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Private Cloud and Hot Tubs

by Tom Bittman  |  February 28, 2012  |  3 Comments

snow n iceSitting in my hot tub with my wife in central Wisconsin in February made me think about private cloud computing. Why? I was perfectly comfortable where I was, but I knew that eventually I was going to need to get out and make a run across the deck through below-freezing temperatures. I was going to need speed and agility. Which, of course, is the same reason for implementing private cloud computing.

ROI isn’t always going to be in terms of reduced costs. Sometimes it’s about improved quality of service. Sometimes it’s about agility. Sometimes it’s about all three. IT tends to think about IT investments in terms of cost-recovery, which is a wonderful thing. But the biggest benefit of private cloud computing is not going to be lower costs. Yes, automation can eliminate rote manual tasks and save operational expenses, but automation isn’t free. The biggest benefit of private cloud computing is agility. As in, business agility. As in, an investment that helps IT’s customers do more, faster, experiment more often, ramp up, ramp down, beat the competition, grow the business.

The business case for private cloud really requires the business to be involved. If the business, for some reason, sees no value in speed and agility, private cloud is likely a wasted investment. I’ve seen examples of private clouds deployed by IT without business involvement, and then – surprise, surprise – no one used it. Cloud Fail. I’ve also had IT organizations come to me saying they weren’t going to build private cloud services because they couldn’t reduce IT costs in the process. That’s doing a disservice to business customers who might be willing to invest to improve IT services in certain areas.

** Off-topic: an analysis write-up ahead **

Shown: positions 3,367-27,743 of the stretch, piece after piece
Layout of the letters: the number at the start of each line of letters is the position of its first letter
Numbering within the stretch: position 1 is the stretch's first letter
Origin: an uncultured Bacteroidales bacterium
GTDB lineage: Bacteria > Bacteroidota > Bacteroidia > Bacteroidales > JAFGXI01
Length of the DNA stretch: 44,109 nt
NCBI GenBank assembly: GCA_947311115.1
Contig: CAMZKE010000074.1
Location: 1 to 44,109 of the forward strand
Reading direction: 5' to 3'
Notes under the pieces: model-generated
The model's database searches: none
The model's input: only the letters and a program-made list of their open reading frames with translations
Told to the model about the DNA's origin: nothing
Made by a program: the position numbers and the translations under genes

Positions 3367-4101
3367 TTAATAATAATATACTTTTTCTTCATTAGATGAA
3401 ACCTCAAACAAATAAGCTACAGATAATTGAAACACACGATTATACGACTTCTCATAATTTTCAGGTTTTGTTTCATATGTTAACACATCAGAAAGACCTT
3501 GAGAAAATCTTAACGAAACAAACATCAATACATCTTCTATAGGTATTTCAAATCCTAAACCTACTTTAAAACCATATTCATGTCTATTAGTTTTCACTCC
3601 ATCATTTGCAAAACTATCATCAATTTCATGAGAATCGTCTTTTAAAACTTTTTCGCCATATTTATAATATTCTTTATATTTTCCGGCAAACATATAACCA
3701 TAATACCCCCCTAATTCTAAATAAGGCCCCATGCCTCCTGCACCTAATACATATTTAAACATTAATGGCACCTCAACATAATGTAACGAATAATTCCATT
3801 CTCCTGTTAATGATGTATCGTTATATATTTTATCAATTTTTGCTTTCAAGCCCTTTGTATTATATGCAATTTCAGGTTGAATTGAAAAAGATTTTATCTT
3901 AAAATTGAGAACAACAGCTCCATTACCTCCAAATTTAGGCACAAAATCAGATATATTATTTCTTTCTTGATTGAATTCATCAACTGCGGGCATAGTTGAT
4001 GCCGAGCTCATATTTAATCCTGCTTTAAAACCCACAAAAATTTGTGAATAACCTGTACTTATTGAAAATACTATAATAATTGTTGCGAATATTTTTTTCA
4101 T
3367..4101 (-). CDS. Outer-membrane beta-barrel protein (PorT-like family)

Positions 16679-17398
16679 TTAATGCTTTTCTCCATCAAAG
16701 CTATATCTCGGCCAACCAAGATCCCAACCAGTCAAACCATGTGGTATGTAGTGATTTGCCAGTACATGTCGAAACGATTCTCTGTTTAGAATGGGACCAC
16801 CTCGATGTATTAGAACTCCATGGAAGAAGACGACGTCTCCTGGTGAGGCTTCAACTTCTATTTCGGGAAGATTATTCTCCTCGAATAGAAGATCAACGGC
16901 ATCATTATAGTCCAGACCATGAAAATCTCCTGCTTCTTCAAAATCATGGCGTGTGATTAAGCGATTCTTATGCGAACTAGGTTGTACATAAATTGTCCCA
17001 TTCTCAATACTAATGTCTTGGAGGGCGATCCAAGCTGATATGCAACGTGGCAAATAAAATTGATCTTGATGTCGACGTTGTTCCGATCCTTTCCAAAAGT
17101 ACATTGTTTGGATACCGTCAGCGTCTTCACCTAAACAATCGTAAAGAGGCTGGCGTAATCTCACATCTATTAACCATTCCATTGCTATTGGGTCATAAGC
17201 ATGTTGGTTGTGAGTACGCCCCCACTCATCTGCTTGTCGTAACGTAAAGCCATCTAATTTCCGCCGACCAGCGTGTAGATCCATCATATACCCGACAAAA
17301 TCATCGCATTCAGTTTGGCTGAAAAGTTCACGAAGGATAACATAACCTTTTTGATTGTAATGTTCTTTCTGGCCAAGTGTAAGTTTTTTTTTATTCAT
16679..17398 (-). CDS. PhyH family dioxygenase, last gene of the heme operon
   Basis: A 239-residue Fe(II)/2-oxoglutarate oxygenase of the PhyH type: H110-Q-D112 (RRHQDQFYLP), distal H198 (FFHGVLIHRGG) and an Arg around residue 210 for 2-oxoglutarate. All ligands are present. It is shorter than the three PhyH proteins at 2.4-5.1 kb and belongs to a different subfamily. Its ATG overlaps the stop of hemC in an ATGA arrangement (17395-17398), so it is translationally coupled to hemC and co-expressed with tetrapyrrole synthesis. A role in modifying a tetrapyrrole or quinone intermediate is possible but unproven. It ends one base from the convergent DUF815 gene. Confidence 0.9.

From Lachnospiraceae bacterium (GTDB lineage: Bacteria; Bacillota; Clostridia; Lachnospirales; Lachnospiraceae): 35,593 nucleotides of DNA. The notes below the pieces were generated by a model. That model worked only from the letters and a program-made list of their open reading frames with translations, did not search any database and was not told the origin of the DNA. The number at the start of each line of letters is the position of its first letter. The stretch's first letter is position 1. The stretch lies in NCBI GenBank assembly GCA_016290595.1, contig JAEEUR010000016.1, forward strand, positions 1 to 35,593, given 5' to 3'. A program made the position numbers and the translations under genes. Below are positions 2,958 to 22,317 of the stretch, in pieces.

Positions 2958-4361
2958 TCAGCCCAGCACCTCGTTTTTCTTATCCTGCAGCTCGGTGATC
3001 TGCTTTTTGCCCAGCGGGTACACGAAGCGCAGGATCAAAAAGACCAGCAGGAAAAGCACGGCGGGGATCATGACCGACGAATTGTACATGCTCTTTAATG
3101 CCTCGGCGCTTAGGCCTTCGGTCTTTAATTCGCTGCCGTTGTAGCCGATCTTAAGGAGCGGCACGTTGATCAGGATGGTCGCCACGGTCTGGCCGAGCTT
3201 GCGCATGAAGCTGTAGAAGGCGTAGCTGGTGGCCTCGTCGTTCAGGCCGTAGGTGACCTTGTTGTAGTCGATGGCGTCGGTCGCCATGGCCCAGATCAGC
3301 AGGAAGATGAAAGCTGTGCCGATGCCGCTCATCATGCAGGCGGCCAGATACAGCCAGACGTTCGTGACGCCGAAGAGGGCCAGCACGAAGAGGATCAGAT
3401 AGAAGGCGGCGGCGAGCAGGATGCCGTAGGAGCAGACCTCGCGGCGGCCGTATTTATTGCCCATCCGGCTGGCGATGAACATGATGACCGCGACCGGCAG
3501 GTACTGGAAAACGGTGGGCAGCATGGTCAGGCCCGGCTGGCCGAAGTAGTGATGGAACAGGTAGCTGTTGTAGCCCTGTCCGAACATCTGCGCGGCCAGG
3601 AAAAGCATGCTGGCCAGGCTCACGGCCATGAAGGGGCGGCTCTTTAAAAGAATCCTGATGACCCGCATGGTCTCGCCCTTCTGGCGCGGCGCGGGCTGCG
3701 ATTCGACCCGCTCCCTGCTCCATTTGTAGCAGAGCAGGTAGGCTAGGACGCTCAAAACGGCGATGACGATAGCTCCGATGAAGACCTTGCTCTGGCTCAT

The good news is large IT organizations seem to get it. In a December 2011 poll at the Gartner Data Center Conference in Las Vegas, attendees were asked, “What is your main driver in moving to private clouds?”. 59% said “agility” – only 21% said “cost”. These folks get it. Sometimes you need to improve the bottom line with lower costs. Sometimes you just have to get from the hot tub without getting frostbite. Or get inside and lock the door before your wife can make it there. Priceless.

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Category: agility  cloud  future-of-infrastructure  private-cloud  

Tags: agility  cloud-computing  private-cloud  

Thomas J. Bittman
VP Distinguished Analyst
20 years at Gartner
31 years IT industry

Thomas Bittman is a vice president and distinguished analyst with Gartner Research. Mr. Bittman has led the industry in areas such as private cloud computing and virtualization. Mr. Bittman invented the term "real-time infrastructure," which has been adopted by major vendors and many… Read Full Bio

Thoughts on Private Cloud and Hot Tubs

  1. Increasing business agility has to be the driving force behind IT moving to a more cloud-centric mode of operation – irrespective of whether it’s using a private or public cloud infrastructure. There’s been a lot reported as to why IT and the business won’t utilise cloud – security and loss of control being some of the key issues – but as the cloud industry matures these barriers are going away. A better understanding of why a business needs to utilise cloud also helps, especially in defining SLAs, both with the cloud service provider and the business units.

  2. […] Bittman says that there is a value shift away from cost reduction and toward speed and agility. In Private Cloud and Hot Tubs, Bittman says, "IT tends to think about IT investments in terms of cost-recovery, which is a […]

  3. […] The last question is one of the most important ones you must ask yourself before embarking on any sort of cloud deployment project.  Deploying a private cloud or moving some operations to a public cloud is not free.  There is a cost associated with this as well as ongoing operating expenses.  So if it’s not going to produce a mountain of extra cash with the cost savings, why bother with the cloud or virtualization in the first place?  Distinguished Gartner analyst Thomas J. Bittman broaches the subject in a recent blog post. […]

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